Tuesday, April 26, 2022

AYWMC: Part 4 Creativity: Lesson 2 Selective Attention

This post is part of a series entitled A Year With My Camera
Lesson 4.2 in my own words
  • Looking versus seeing
  • Sometimes, when we're simply looking around, we see things colored by our expectations.
    • Our brains sometimes ignore details
    • Or don't see objects in their actual perspective
    • Or an emotional response colors our perception
  • The camera, on the other hand, just records the light that hits its sensors.
  • Disappointing photographs can happen when we don't see the scene as it really is.
  • The key is to actively see what's in front of you, not passively glance around

This week's project

The following exercises are designed to help actually see what you're looking at. Choose at least one:
  • Finding photo opportunities
    • Just start taking photos. Don't worry about settings or exposure, light or composition.
      • Focus on one small area in front of you. 
      • Take any photograph.
      • Now move a bit and take another.
      • Continue until you have 20 shots.
    • You should find that the act of starting to take photos will spark new ideas.
  • Focus on the frame 
    • Limit yourself to just 24 shots.
    • Don't use your LCD preview screen
    • Pay attention to every detail in the frame before pressing the shutter
    • Leave them a couple of days before looking at them
    • This is how film photographers learned to make the most of every shot.

I chose the first exercise, "finding photo opportunities."

What I learned

This assignment was challenging to me because I'm not usually in a creative-only photography mode. I usually want a photo of something specific for documentation. My motive for taking the course was to simply make them better! That being said, I like being challenged, and so appreciated this exercise. I think this technique would be especially useful when out and about with lots of people and activity. Snapping shot after shot like this could result in some interesting images.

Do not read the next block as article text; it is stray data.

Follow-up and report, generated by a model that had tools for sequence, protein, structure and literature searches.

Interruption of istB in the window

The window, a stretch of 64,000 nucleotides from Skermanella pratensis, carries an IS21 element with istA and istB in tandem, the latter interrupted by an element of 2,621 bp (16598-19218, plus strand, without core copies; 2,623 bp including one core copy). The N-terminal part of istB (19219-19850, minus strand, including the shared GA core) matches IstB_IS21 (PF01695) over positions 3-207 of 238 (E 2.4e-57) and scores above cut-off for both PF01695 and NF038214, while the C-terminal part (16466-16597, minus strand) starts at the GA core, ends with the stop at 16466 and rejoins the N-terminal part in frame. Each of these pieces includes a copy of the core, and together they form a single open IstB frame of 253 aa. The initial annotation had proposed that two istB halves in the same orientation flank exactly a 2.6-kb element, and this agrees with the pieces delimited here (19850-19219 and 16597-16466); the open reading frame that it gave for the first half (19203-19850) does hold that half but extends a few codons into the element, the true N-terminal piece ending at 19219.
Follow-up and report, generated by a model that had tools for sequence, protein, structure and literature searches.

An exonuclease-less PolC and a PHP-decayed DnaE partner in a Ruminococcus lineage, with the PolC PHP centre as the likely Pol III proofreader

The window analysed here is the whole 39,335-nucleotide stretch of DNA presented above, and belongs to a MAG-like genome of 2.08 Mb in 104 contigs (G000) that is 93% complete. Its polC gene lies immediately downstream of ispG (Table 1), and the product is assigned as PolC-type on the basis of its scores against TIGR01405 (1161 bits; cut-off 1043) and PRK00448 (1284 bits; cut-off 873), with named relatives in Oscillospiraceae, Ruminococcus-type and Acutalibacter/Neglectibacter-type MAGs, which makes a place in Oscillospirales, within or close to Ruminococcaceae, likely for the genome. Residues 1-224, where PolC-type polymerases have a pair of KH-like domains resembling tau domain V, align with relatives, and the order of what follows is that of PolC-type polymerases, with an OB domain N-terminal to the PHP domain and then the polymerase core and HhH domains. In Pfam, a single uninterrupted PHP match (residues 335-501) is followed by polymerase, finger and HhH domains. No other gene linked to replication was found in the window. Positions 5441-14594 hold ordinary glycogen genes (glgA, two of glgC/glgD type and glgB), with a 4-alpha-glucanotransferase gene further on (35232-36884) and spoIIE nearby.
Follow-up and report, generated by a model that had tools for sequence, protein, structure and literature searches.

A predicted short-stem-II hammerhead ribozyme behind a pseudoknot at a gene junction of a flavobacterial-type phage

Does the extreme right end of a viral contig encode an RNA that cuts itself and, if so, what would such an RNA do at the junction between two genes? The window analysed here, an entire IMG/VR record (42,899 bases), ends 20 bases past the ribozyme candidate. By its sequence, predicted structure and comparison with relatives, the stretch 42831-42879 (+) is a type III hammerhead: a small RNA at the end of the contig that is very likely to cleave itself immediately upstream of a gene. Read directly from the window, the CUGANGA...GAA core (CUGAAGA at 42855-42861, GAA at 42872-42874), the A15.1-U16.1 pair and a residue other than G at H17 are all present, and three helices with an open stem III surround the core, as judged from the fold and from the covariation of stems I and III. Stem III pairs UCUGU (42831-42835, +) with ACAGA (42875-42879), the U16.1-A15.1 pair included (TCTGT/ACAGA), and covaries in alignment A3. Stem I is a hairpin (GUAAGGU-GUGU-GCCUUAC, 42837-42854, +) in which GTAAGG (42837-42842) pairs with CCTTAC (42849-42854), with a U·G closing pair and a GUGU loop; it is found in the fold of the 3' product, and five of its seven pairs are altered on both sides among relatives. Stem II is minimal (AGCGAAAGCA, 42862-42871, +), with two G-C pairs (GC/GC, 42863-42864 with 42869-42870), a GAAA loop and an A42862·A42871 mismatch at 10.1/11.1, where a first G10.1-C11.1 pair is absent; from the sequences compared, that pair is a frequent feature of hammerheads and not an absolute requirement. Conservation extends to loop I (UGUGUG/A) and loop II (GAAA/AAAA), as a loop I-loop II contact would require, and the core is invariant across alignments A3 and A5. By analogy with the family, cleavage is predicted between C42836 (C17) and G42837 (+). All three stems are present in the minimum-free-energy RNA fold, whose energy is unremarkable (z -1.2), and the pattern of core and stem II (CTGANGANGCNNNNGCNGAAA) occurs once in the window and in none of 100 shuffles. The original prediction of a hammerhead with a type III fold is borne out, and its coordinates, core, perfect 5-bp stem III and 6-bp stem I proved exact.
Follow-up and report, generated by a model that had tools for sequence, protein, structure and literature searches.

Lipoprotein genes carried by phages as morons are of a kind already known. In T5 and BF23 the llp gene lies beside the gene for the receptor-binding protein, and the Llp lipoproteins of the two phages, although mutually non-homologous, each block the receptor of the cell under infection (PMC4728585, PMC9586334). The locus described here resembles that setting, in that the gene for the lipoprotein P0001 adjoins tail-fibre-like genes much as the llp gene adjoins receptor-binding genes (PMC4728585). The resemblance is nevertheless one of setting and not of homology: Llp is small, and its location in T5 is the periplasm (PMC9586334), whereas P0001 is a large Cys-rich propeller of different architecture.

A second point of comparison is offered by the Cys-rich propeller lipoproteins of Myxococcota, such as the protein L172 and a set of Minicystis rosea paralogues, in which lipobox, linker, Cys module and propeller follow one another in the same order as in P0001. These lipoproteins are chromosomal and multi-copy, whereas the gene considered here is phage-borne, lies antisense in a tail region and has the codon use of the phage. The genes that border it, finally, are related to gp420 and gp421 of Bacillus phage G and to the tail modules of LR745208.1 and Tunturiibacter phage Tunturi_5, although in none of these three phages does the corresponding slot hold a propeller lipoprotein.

Tuesday, April 19, 2022

AYWMC: Part 4 Creativity: Lesson 1 Using Boundaries

This post is part of a series entitled A Year With My Camera
Lesson 4.1 in my own words

Creativity can be learned.
  • To develop creativity
    • Be willing to make mistakes
    • Learn to analyze the photograph without criticizing the photographer (i.e., yourself)
    • Stop calling mistakes, 'mistakes' because that implies it's wrong. Each photograph is an essential step on the creative journey. 
    • Ultimately, we learn creativity by doing, not by reading about it.
  • Things that sabotage creativity
    • Focusing on things that inhibit forming new ideas
      • television
      • social media
      • reading
      • life and family issues
    • Shutting down ideas before they're developed (Eg. "I can't do that.")
    • Focusing on technical details rather than just experimenting
    • Worrying about what other people will think

This week's project

It's nearly impossible to be creative without a goal. Setting boundaries shapes a goal and frees us to explore that goal to its fullest.

Pick one. May use auto or manual controls, but set these ahead of time and use the same settings for the entire exercise. Finish the assignment even when you run out of ideas:
  • Time restriction 
    • take a photo every 5 minutes for an hour
    • use a timer
    • spend no more than 5 seconds looking for an image
  • Subject restriction
    • pick one inanimate object
    • take 20 completely different portraits of it
  • Kit restriction
    • choose the piece of your camera kit that you use the least
    • Create 20 photos with it

I chose time restriction.

What I learned

The purpose of the assignment was (quoting the instructor), "If you impose some artificial limits, your brain will respond like magic. . . I'm going to give you a few artificial constraints to try this week. . . No cheating. You will run out of ideas at some point but you must keep going, keep taking photos, even though they are not going to be your best work. The process of finding images will train the neurons in your brain that this is what you want it to do when you next start looking for images, and so then next time it will be easier."

This was challenging because I do a lot of mental planning before a take a shot. I learned early on that the cutest baby picture is spoiled by cluttered, messy surroundings. That taught me to evaluate each shot and set my stage (which is one of the things listed as impeding creativity!). Plus, I find I'm applying what I've been learning in this course, which often means making manual adjustments to brightness and light before shooting.